I have gathered the eight drug wholesalers, pharmacy chains, and PBMs on the 2013 list along with their Fortune 500 ranks and links to the financial data as reported by Fortune.
Catalyst Health Solutions, which was acquired by SXC and became Catamaran, dropped off the list. (I don’t know why Catamaran doesn’t appear on the 2013 list.) Medco Health Solutions left the Fortune 500 following its acquisition by Express Scripts, which jumped from #60 on the 2012 list to #24 in 2013.

Here's a handy, exclusive Drug Channels summary of the data for these eight companies. (Click to enlarge.)

Click here to view the 13 largest pharmaceutical manufacturers on Fortune's 2013 list.


The channel intermediaries are much larger than the manufacturers. In 2013, median revenues for the eight drug channel companies were $87.1 billion, up 4.2% vs. 2010. Median revenues for the manufacturer group were $17.3 billion.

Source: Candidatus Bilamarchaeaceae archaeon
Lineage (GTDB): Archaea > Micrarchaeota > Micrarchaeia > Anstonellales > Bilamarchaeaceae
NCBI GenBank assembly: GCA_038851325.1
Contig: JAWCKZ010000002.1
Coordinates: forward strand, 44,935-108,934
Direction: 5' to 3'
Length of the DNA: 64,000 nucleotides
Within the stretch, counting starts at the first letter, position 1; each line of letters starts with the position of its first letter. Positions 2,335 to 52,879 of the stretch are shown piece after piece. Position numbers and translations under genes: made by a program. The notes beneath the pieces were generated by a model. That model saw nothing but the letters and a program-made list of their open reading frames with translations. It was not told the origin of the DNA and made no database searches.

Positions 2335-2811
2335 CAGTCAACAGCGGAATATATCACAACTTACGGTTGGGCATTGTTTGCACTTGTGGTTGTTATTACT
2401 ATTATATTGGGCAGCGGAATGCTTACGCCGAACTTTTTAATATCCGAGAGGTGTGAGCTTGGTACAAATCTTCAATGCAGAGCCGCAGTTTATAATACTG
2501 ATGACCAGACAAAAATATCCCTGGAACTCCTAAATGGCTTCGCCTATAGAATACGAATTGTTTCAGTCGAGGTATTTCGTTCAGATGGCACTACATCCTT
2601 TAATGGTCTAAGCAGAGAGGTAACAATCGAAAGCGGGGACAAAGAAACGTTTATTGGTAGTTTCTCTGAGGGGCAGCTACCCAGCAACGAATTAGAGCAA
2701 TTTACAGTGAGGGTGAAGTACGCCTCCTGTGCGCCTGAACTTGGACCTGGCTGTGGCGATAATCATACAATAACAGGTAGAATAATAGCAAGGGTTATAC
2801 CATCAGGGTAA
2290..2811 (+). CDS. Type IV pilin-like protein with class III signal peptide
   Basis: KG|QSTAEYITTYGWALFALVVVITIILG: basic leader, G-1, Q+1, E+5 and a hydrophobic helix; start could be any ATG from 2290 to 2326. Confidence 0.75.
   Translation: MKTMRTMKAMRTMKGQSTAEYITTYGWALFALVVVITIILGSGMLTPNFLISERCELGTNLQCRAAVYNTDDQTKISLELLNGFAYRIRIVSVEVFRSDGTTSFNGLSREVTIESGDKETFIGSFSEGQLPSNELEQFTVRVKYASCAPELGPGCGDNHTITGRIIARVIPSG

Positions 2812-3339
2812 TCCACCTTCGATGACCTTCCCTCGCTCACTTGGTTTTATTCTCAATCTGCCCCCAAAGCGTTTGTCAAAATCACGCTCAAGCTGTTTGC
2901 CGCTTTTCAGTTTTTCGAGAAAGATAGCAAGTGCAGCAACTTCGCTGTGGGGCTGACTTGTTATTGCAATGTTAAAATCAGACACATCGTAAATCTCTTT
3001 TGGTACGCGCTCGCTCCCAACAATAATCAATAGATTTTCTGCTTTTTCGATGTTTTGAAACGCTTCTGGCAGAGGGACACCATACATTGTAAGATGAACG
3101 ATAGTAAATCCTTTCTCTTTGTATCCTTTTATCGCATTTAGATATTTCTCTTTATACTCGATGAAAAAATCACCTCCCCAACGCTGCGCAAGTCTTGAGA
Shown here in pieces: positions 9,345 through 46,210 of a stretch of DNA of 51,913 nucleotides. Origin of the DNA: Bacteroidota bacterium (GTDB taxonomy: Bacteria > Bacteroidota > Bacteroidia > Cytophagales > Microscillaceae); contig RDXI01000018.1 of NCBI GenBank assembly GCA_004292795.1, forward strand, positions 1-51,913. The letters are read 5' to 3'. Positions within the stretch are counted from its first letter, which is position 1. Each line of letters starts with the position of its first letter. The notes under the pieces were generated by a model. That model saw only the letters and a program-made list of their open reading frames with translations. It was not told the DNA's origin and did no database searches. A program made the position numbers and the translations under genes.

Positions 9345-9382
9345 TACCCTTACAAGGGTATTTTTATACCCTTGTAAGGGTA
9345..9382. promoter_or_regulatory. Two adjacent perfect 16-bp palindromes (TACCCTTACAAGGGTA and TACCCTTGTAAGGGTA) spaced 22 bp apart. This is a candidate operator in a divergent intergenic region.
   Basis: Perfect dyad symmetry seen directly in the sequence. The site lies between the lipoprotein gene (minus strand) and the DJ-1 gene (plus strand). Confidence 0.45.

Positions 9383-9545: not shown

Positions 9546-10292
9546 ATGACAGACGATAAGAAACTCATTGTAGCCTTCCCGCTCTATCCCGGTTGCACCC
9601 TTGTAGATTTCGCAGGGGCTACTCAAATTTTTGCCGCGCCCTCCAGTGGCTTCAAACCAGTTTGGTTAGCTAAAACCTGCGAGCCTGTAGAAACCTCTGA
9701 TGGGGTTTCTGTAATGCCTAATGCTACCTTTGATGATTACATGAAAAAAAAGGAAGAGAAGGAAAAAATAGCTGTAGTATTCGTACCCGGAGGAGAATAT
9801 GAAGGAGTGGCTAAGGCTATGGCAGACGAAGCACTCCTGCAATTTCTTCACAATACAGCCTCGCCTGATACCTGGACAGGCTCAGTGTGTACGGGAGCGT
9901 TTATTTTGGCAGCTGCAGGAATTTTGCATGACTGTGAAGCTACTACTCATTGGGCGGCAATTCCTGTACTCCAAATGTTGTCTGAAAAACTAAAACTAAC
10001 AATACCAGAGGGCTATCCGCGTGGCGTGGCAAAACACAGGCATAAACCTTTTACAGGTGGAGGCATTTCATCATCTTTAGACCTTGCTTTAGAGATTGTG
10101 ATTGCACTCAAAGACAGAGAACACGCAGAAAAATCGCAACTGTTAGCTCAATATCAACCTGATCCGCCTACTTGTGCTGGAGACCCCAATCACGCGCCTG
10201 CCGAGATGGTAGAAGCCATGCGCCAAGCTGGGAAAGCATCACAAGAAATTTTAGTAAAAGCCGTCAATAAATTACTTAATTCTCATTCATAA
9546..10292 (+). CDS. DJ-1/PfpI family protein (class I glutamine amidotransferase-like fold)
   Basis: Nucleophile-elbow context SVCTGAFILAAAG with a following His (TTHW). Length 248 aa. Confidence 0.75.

Six of the drug channel companies rank in the top 50 of the Fortune 500 list, while the highest ranking manufacturer (Pfizer) reached only #41. The revenues of the 13 largest pharmaceutical manufacturers on the Fortune 500 list range from $67.2 billion (Pfizer) to $5.5 billion (Celgene).

Note that the Fortune 500 rankings are based on sales revenues, so that double-counting artificially inflates the topline of a channel participant. Here's how a single prescription can hypothetically be counted as revenue by four different Fortune 500 companies:
  • Manufacturer A sells a pallet of WonderDrug to Wholesaler B. Manufacturer A reports the net revenue from the sale on its income statement.